Writing Basics – Commas That Help, Not Hinder, Readers

An artist friend recently asked me for some quick guidance on when to use commas. “If the sentence is easier to understand with a comma, add it. If not, leave it out,” I replied.

She seemed pleased that I didn’t launch into a long list of rules and exception. I don’t take that approach because I think writing should be more about helping readers understand and less about rules that make eyes glaze over.

I call this philosophy minimalist punctuation. It’s easy for you and the reader and keeps your content uncluttered. Minimalist punctuation applies to semi-colons, quotation marks and (don’t get me started) exclamation points too.

Grammar lesson over, Mary and I got to talking about how both artists and writers have to master their craft before they can consider creating art.

Take Mary’s latest medium, ceramic sculpture. She does not slap together some clay and throw it in the oven. She follows very specific steps, before adding her original spin. She had to master the craft of ceramics by making tea cups and other simple objects before she could progress to sculpture.

Writing is the same. Anyone who writes at all needs to develop basic skills. Fortunately, it doesn’t have to be difficult, even if you snoozed through grammar class in school. With commas and other punctuation marks, all you need to do is ask yourself whether they will help the reader understand.

Lynne Truss explained punctuation well in her best seller Eats Shoots & Leaves.

Her title demonstrates the vital role of the comma. If you write The panda eats shoots and leaves, your reader can easily understand that you are referring to the animal’s food. If you add the comma and write The panda eats, shoots and leaves, the reader is left wondering what the panda shot before he left.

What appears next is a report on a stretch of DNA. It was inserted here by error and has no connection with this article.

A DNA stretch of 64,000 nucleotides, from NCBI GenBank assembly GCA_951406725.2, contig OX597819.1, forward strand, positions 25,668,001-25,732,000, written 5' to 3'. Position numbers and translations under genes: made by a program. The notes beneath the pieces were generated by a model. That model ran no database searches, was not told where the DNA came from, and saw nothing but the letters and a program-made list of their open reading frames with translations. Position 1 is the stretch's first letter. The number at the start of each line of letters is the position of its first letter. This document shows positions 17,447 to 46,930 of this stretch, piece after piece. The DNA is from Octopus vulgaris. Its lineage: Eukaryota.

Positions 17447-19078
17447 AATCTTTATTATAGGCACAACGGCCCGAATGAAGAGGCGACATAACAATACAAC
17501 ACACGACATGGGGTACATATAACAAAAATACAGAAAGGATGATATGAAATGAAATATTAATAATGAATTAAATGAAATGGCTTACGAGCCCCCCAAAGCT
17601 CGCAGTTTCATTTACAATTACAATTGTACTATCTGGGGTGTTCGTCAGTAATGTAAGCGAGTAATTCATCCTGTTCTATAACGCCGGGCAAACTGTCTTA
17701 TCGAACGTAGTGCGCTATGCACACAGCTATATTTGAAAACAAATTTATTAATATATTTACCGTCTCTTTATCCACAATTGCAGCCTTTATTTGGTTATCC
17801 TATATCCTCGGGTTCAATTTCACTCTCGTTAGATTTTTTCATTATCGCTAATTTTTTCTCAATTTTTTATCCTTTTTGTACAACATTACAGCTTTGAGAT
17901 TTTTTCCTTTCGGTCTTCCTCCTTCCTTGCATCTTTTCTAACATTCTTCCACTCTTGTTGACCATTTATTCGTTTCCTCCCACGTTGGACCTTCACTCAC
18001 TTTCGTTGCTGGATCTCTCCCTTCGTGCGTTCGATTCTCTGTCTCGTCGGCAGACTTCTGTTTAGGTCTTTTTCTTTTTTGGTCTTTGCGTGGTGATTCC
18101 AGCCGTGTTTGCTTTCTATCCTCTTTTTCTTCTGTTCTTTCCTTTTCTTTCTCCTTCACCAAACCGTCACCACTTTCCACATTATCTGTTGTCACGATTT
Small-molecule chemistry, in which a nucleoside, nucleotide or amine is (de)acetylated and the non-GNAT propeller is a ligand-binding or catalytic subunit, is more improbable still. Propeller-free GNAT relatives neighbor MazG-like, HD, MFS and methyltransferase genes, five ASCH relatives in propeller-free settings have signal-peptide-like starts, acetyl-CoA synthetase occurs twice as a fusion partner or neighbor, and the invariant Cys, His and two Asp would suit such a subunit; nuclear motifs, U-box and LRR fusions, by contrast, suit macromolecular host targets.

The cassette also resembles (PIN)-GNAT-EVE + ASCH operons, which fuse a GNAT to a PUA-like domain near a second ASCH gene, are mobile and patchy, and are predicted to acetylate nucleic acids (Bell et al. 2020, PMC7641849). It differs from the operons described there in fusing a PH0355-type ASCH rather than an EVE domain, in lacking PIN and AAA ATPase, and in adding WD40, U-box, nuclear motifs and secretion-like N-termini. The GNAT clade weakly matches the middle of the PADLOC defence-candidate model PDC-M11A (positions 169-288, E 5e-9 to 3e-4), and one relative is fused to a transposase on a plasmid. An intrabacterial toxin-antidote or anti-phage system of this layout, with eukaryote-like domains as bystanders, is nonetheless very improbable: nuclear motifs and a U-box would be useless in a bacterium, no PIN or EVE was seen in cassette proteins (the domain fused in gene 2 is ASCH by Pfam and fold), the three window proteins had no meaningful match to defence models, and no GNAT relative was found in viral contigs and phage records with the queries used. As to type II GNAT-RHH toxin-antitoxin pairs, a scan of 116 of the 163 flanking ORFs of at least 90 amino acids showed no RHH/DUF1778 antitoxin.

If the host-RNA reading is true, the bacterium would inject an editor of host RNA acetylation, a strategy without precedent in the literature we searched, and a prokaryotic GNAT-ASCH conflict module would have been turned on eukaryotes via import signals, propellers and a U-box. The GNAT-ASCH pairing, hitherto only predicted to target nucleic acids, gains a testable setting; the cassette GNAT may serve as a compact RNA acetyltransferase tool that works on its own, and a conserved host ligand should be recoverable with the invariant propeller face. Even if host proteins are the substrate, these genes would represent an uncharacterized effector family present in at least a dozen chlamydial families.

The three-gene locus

Commas are also helpful when you have a set of words that belong together and the sentence is easier to understand if you surround them with commas. For example: On hot summer days, when I have no pressing deadlines, I take my dog for long walks by the lake.

Without the commas, you could have understood this simple sentence. But the commas made it easier. With a longer or more complex sentence, the comma probably would have been required, not optional.

Many people like Mary choose the comma when they are uncertain. Wrong. One of the biggest problems editors encounter is their overuse.

A common example is writing apples, peaches, and pears. Although style books differ, I prefer apples, peaches (no comma) and pears. That’s because the word and is doing the job of a comma. The commas is unnecessary.

Some bloggers and other writers I read seem to think that writing is more inspiration than perspiration, more auto trance than thought. They expect to create sculptures before they are comfortable with the craft of making tea cups that others will use and enjoy.

Even if we consider ourselves creative writers, we still need the fundamentals. That’s why it’s important to understand commas, whether you’re writing emails at work or the next great novel.

So think twice before you add commas. Remove unnecessary ones when you’re rereading your work. Simple.

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